Be Aware of IRS Call Scam
Internet and telephone frauds and scams are an unfortunate reality in today’s day and age. One such example occurred in Highland recently, as a resident received a phone call, purportedly from the Internal Revenue Service. Typically in these incidents, the recipient is told by the caller that they owe taxes, and must pay them immediately via wire transfer or a prepaid debit card, or face consequences such as jail time, loss of driver’s license, or deportation. The calls can seem frighteningly real, with caller ID showing it is the IRS calling, and even knowledge of the recipients Social Security number.
Listeners should be aware that according to the Federal Trade Commission’s website information about this particular scam,the IRS will never make first contact with a taxpayer via phone call or email – this will always be initially done by postal mail. Also, the IRS will never require a specific type of payment method, such as money transfer or debit card. The FTC warns against ever giving out personal information, and to write down and report the details of the call. The IRS can be reached directly at www.irs.gov or by calling 800-829-1040. To file a complaint, the FTC can be contacted at www.ftc.gov/complaint or call 877-383-4357. For a link to the FTC’s webpage about this scam, see this story on our website at alleghenymountainradio.org.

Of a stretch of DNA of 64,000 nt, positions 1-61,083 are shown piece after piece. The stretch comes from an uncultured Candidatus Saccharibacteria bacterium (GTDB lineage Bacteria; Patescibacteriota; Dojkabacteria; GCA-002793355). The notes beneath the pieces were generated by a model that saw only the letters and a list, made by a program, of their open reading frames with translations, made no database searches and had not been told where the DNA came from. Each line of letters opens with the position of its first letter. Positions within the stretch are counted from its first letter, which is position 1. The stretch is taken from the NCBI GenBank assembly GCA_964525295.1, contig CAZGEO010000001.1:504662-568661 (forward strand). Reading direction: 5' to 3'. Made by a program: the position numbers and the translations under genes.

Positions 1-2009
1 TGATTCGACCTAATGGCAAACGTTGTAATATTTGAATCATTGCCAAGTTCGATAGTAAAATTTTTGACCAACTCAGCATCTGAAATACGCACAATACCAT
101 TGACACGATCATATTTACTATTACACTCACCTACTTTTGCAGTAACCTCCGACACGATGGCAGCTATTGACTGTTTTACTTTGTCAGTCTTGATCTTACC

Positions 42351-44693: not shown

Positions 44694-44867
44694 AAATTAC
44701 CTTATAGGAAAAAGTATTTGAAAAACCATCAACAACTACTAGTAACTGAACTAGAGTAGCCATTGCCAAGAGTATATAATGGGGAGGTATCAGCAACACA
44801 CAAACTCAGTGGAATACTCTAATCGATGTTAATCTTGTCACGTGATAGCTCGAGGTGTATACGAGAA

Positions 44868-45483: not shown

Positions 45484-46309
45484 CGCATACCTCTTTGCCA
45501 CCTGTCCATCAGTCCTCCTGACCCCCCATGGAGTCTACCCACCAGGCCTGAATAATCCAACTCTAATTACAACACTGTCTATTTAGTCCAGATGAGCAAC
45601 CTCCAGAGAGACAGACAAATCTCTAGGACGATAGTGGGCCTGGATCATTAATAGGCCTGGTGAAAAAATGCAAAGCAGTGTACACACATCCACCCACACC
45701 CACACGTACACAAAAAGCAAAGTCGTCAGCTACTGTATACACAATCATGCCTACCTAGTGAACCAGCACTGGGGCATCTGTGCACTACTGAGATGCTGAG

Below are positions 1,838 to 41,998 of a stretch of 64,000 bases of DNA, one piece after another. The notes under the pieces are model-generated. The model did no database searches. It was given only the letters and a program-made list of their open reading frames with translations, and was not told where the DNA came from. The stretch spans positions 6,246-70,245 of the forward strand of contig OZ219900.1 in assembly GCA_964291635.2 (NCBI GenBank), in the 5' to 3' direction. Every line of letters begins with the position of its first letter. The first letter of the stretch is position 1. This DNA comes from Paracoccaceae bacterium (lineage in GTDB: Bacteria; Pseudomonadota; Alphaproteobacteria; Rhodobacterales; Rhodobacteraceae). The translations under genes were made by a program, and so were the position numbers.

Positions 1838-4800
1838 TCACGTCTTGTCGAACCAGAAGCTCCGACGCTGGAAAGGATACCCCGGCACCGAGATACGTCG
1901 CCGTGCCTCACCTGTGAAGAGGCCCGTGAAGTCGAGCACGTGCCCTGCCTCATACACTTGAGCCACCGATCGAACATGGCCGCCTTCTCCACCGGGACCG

Incidents and complaints can also be filed at the local law enforcement level. Highland County Sheriff Tim Duff urged any residents with questions or concerns to contact his department. He reported that his office has logged 36 various scam and fraud incidents since January. These tend to rise during the summer months, and often target senior citizens. The Department has informational packages on scams, frauds and identity theft which can be picked up at the Sheriff’s office and other locations such as churches, banks and the post office. The Sheriff also offered to give presentations on the problem to local civic organizations and groups upon request.
For Allegheny Mountain Radio, this is Scott Smith.